Our video and blog post below talks about Police pursuit and Skye’s Law.
Skye’s Law is an amendment to the Crimes Act, and is part of the legislation governing police pursuits and reckless driving.
Skye’s Law was enacted after the tragic death in 2009 of 19-month-old Skye Sassine, who was killed when an alleged robber crashed into the car she was travelling in during a police pursuit in Sydney.
Skye’s Law is intended to deter motorists from taking dangerous measures to evade police.
According to figures from the NSW government, 445 people were convicted under Skye’s Law between May 2010 and March 2012, with 40.4 per cent of those convicted receiving a prison sentence.
If you have been charged with a police pursuit offence, it is a good idea to seek legal representation to help ensure you receive the best possible outcome for your situation.
What do the police need to prove, and is there a defence?
In order for the prosecution to successfully convict you of a police pursuit offence under Skye’s Law, they need to prove beyond a reasonable doubt that you were aware or suspected police were in pursuit, that you didn’t stop, and that you drove in a dangerous or reckless manner or at excessive speed.
This can be difficult for police to prove, and if you have a reasonable defence to suggest that the required factors weren’t in place, you may be able to avoid a conviction.
What are the penalties?
If you are found guilty of a police pursuit offence, the penalty you receive will depend on the individual circumstances.
Skye’s Law carries a maximum penalty of three years in prison for a first offence, and five years for a second or subsequent offence.
In addition to the possibility of a prison sentence, there is also a mandatory disqualification from driving for up to three years.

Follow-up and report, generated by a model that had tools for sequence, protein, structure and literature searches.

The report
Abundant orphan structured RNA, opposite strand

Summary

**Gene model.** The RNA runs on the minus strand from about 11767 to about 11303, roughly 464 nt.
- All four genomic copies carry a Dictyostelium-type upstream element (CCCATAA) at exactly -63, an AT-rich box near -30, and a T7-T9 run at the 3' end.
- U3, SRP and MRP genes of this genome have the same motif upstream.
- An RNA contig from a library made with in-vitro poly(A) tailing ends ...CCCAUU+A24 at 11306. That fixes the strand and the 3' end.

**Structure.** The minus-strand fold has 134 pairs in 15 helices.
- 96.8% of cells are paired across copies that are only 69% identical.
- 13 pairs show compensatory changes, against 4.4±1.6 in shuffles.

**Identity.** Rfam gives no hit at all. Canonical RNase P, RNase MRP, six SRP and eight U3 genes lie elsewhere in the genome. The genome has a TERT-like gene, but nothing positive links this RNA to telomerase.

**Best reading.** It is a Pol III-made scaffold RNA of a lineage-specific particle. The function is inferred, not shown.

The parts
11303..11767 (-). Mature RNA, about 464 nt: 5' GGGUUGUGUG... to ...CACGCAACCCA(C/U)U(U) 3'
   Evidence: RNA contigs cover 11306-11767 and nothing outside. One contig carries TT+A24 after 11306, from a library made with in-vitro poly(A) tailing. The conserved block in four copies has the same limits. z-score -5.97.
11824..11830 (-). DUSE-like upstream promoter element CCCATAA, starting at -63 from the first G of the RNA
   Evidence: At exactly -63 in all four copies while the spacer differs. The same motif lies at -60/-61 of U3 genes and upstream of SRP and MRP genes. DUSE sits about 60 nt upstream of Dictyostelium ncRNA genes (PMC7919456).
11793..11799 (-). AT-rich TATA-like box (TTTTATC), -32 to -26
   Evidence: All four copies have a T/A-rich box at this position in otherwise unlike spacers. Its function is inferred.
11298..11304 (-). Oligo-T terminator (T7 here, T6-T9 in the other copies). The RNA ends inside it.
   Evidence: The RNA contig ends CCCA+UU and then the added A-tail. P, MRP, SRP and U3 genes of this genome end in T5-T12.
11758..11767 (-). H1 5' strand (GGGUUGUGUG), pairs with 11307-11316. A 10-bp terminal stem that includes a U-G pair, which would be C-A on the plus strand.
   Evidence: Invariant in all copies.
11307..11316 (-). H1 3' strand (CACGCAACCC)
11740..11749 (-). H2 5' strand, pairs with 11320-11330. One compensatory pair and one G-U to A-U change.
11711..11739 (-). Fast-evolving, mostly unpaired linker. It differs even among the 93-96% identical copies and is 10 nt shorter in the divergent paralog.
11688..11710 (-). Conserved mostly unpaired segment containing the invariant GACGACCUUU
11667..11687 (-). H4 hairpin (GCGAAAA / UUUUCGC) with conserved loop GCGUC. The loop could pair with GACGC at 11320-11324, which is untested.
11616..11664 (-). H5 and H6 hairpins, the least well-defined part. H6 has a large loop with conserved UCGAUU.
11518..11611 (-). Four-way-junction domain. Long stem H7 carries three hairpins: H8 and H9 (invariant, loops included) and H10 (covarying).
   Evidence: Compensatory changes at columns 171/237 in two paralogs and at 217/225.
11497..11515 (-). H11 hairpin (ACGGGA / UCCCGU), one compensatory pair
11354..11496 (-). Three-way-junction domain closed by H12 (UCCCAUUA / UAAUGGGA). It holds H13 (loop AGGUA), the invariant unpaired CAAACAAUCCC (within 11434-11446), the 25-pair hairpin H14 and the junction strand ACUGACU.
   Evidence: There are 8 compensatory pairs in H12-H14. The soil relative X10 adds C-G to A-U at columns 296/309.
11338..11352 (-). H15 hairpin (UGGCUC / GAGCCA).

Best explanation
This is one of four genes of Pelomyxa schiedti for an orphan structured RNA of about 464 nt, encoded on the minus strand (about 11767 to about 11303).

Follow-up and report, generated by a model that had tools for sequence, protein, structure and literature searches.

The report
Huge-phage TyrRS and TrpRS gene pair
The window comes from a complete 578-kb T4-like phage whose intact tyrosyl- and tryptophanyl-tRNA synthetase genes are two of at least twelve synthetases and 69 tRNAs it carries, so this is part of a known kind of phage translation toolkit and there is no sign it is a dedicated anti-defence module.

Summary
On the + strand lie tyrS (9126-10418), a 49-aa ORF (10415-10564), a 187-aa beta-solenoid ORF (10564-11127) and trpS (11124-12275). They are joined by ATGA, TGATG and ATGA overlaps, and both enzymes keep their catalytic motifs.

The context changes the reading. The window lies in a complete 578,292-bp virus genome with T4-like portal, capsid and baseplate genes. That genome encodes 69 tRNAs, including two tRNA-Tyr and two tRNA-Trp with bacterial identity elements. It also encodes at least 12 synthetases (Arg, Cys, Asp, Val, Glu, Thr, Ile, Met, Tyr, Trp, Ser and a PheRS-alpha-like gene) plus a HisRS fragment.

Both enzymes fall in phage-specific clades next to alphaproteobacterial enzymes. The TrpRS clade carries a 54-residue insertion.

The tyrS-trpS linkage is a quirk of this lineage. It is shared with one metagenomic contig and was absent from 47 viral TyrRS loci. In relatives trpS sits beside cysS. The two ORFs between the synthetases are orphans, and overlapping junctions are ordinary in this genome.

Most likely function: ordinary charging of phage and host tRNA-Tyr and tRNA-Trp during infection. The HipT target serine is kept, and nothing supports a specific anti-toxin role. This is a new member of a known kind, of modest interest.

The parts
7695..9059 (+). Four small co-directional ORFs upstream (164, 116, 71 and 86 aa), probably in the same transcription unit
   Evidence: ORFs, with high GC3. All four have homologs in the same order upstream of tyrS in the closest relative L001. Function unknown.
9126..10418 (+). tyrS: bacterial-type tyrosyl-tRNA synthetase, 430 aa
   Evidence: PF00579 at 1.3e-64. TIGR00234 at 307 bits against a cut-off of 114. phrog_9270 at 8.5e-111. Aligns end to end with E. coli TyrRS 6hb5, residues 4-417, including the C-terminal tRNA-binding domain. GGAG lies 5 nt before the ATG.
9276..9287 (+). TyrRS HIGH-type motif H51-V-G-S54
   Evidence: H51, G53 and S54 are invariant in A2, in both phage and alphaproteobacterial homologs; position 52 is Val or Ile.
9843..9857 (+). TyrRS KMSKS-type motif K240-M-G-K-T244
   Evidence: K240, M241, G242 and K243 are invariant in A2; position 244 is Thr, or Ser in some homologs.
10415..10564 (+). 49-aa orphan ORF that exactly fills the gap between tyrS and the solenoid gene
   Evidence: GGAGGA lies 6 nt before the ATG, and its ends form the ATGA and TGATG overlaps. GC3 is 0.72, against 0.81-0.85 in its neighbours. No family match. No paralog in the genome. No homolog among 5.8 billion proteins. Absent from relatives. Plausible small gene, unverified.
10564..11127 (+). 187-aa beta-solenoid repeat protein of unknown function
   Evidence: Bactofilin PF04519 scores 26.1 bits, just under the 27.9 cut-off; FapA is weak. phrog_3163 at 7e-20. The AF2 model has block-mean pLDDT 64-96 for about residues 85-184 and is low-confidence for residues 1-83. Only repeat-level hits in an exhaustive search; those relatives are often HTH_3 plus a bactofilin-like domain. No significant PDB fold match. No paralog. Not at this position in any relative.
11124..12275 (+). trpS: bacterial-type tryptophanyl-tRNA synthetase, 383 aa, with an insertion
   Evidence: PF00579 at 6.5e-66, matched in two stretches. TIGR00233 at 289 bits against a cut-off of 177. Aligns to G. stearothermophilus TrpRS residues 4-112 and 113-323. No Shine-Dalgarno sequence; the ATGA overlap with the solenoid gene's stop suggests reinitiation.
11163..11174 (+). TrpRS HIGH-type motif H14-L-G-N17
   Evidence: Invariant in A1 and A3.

Being disqualified from driving can affect your ability to undertake employment, and your family’s lifestyle can suffer.
In some cases, the magistrate may choose to reduce the disqualification period to the minimum of 12 months, or even deal with the matter under a ‘section 10 dismissal or conditional release order‘ – which means without conviction or disqualification.
Can I reduce my penalty?
There are a number of ways you may be able to reduce the severity of your sentence if you are convicted of a police pursuit offence.
The automatic disqualification period for an offence under Skye’s Law is three years, but the magistrate can reduce this to the minimum of 12 months at their discretion, or to decide not to disqualify you at all (under a ‘section 10 dismissal or conditional release order‘).
If you want to encourage the magistrate to view your case leniently, there are a few steps you can take – such as obtaining character references, taking an approved driving course, and demonstrating that you have taken steps to address any underlying issues that may have contributed to the offence.
What should I do next?
If you are facing a police pursuit charge under Skye’s Law, it is essential to seek experienced legal advice.
Skye’s Law cases are usually treated harshly in the courts, and an experienced lawyer can give you the best possible chance of avoiding the maximum penalty.
At Sydney Criminal Lawyers, our accredited criminal law specialists are experienced in handling Skye’s Law cases.
In fact, none of the dozens of clients we have represented in Skye’s law cases have gone to prison. Most have either (a) had their ‘Skye’s law’ charge dropped or replaced with a less-serious charge eg speeding or reckless driving, (b) had their case successfully defended in court or, if they’ve pleaded ‘guilty’, (c) received the minimum disqualification period.
We can work to get the police to drop or replace the charge, or have the charge dismissed in court if the prosecutor is unable to prove one or more of the essential elements of the offence.
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